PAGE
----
Hong Kong Pride Parade has set aside November 14 for their annual march, the event’s organizing committee announced on their Facebook page.
“All along, sexual minorities have suffered the powerless of being rejected and unprotected by society, but we firmly believe that there is great strength in using love to influence those around us,” the event page wrote.
Since 2008, supporters of LGBT rights in the city have been holding the annual event every year with the exception of 2010, when the committee decided not to go ahead with plans due to a lack of funding.
Last year, during the peak of the city’s anti-extradition protests, a rally was held instead of a march after police cited safety concerns and said they would only allow organizers to hold a “public meeting.”
The committee said they have submitted an application for this year’s march and are awaiting a letter of no objection from police.
In recent years, a number of high-profile court cases that saw victories for the city’s LGBT community has allowed discussion about the rights of sexual minorities—once a fringe topic in mainstream society—to gain more ground in Hong Kong.
Last year, the city’s highest court unanimously ruled to grant spousal benefits and joint sex assessment to a gay couple who got married in New Zealand. The case was celebrated as a landmark win that grants same-sex partners legally married overseas access to rights they had long been denied.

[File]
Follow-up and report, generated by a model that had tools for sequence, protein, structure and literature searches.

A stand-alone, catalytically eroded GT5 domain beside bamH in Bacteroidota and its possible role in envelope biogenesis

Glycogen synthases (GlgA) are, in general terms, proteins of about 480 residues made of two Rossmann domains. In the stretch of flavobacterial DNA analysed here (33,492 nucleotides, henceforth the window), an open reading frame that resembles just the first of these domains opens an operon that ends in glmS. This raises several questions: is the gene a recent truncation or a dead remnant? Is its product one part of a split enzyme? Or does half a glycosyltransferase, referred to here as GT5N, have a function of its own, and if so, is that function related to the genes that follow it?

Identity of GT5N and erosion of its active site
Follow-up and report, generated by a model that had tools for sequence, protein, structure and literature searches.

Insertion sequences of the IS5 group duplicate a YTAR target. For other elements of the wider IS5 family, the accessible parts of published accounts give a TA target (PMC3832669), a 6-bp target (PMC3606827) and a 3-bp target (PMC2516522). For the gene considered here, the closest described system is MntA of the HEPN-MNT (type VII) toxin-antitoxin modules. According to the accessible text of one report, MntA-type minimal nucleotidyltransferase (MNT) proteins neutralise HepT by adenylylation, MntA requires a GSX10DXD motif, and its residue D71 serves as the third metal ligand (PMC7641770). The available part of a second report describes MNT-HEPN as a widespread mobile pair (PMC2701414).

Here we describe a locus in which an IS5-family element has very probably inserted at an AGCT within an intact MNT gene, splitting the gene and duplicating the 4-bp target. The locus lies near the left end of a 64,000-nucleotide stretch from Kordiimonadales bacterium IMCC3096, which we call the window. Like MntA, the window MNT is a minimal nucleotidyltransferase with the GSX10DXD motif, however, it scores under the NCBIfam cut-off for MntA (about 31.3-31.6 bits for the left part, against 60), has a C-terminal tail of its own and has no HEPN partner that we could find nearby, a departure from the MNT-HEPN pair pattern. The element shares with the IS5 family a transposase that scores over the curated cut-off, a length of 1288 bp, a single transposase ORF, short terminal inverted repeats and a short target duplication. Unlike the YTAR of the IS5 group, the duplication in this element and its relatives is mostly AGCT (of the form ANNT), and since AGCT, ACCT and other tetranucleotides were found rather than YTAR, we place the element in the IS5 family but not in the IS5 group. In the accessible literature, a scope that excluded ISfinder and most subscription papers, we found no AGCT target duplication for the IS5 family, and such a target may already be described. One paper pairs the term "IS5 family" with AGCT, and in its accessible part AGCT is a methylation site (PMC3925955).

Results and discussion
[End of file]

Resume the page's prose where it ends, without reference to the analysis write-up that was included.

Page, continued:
According to research done by the Chinese Univeristy of Hong Kong’s Sexualities Research Program, public opposition towards LGBT rights is at a record low. The results of the study, published in January this year, found that only 12 percent of the respondents said they very much disagreed or disagreed that people of different sexual orientation should be legally protected against discrimination.
While Hong Kong has made progress on some fronts in achieving equality for the minority community, there remains a long way to go.
Same-sex marriage or civil unions are not recognized in Hong Kong, and pro-establishment lawmakers have traditionally expressed vocal opposition against extending legal rights to same-sex couples—even calling it a threat to traditional family values.
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